According to G. Karunakaran, Principal Scientist at Indian Institute of Horticultural Research (ICAR-IIHR), dragon fruit production began in India as a hobby in the 1990s but it was restricted to home gardens. “It was not done on a large scale at that time and was restricted to gardening as people were apprehensive about its growth since it is a cactus. It was started on a mass scale by the scientists of North Bengal University in 2013 after they informed the farmers about its potential and income opportunities,” Karunakaran told Mongabay-India.

“During some online research, I came across dragon fruit being grown by the scientists of Bangladesh Agricultural University (BAU). I read about its rich properties and higher returns. It seemed to be a good alternative for farmers in north Bengal who face a lack of proper irrigational facilities,” said Amrendra Kumar Pandey, technical officer at Centre for Floriculture and Agri-Business Management (COFAM) in the University of North Bengal that initiated the cultivation of dragon fruit in the state.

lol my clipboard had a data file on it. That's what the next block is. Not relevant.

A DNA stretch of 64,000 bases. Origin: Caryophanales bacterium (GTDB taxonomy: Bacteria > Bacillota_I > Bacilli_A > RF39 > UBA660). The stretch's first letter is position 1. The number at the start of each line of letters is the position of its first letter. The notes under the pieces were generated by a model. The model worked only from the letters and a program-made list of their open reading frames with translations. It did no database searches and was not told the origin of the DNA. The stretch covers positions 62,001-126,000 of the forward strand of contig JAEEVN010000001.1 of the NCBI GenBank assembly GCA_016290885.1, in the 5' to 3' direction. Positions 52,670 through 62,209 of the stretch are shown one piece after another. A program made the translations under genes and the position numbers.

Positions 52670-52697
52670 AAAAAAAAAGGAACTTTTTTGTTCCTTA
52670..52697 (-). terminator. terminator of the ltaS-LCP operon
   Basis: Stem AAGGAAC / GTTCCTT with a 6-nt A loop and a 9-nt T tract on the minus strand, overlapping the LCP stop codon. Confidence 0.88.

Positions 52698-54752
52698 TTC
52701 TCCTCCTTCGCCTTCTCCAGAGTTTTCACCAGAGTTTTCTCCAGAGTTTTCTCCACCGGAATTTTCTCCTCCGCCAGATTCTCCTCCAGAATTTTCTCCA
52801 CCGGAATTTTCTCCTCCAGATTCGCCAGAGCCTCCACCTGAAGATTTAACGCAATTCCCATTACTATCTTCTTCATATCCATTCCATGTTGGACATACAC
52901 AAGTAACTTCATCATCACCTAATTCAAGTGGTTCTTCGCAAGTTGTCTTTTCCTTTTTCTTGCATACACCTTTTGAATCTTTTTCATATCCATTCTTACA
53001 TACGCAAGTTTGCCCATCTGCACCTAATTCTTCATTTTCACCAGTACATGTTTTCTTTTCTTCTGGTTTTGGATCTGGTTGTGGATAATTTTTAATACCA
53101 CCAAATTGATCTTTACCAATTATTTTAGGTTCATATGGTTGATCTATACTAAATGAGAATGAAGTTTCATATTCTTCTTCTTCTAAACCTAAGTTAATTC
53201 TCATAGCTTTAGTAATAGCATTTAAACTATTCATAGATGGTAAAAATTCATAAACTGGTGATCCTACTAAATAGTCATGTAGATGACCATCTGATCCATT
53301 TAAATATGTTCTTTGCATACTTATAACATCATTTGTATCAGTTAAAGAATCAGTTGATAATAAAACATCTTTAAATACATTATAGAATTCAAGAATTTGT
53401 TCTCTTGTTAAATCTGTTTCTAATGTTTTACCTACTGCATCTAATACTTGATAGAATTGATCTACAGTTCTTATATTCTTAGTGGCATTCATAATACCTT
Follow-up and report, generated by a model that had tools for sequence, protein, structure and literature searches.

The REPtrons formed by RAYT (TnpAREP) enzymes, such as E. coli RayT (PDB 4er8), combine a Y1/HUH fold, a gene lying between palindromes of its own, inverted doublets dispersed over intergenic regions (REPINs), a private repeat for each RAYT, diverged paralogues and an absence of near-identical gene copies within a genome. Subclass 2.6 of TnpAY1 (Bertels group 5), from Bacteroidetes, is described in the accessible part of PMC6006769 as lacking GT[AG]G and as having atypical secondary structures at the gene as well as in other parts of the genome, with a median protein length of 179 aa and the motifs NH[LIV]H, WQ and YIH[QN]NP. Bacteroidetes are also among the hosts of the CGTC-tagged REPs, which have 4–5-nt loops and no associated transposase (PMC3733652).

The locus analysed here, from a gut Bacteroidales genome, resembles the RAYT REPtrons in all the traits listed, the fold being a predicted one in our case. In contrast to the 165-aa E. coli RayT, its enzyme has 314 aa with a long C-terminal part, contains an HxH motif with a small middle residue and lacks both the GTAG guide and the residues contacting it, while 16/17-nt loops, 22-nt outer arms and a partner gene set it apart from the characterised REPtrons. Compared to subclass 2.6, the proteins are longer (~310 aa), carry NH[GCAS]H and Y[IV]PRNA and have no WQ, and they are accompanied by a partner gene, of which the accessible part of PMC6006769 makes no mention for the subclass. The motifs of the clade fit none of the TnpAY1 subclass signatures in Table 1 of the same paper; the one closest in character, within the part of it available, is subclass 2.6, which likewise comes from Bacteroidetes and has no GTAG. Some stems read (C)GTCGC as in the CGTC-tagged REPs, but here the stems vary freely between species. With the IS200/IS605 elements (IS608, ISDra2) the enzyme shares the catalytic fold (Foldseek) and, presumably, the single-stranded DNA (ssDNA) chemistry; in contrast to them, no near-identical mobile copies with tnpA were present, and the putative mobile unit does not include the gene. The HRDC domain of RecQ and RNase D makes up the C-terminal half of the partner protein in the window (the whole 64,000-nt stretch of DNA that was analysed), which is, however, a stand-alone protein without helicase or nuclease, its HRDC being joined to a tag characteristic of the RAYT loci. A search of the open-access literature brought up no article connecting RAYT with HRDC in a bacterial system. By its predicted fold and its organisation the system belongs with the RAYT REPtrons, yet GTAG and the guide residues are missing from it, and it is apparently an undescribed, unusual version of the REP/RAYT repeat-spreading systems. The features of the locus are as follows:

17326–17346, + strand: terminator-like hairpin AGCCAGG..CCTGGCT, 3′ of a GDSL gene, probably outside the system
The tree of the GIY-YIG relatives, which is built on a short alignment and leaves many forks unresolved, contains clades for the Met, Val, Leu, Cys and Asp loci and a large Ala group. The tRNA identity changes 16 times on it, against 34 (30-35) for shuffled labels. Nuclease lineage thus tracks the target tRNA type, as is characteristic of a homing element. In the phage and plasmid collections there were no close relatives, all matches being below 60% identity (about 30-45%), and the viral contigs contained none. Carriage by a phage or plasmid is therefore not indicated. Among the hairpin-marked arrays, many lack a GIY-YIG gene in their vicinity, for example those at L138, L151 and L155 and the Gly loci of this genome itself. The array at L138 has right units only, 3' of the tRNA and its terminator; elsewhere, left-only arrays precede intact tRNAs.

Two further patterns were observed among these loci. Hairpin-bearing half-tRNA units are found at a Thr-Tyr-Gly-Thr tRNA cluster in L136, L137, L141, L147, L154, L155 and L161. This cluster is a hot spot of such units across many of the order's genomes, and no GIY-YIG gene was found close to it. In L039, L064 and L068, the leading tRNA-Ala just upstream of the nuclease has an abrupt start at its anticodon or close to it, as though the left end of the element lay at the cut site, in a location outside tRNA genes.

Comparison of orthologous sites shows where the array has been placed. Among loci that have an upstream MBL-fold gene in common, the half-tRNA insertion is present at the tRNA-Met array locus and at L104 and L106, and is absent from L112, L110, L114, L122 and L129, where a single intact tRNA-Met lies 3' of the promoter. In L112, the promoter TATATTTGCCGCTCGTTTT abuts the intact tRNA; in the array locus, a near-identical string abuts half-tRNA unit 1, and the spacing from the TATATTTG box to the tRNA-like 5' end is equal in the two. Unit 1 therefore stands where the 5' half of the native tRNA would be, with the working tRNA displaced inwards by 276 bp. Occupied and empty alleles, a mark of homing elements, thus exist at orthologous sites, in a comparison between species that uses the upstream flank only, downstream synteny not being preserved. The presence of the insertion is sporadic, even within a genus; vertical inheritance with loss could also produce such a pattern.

“We procured around 150 saplings from BAU and distributed them among the farmers and also planted some in our campus. We were sceptical about its growth but the results were overwhelming.  The farmers got a good price. We estimate the annual production to have increased to around 600 metric tonnes from 500 kg in 2014,” he said.

Dragon fruit. Photo by Gurvinder Singh.

“Initially, we had started with near about one acre of land scattered in different blocks and agri-zones of north Bengal. After seven to eight years, its area under cultivation has increased to around 200 acres in different parts of north Bengal from small farmers to progressive farmers,” added Pandey.

Ranadhir Chakraborty, a professor and project co-ordinator at COFAM says that the fruit can grow in the extremes of temperatures and poorest of soils, but it is best suited for tropical climate. “The dragon fruit is a cactus species that doesn’t require much water and specific soil quality, but pH of the soil should be in the range of 5.5-6.5 (slightly acidic). It also grows well in the desert-like conditions of Mexico. Organic fertilisers are used for cultivation without any pesticides as land is still not polluted with industries in north Bengal.  It started on a small scale, but has become a stable horticultural crop in north Bengal,” Chakraborty said.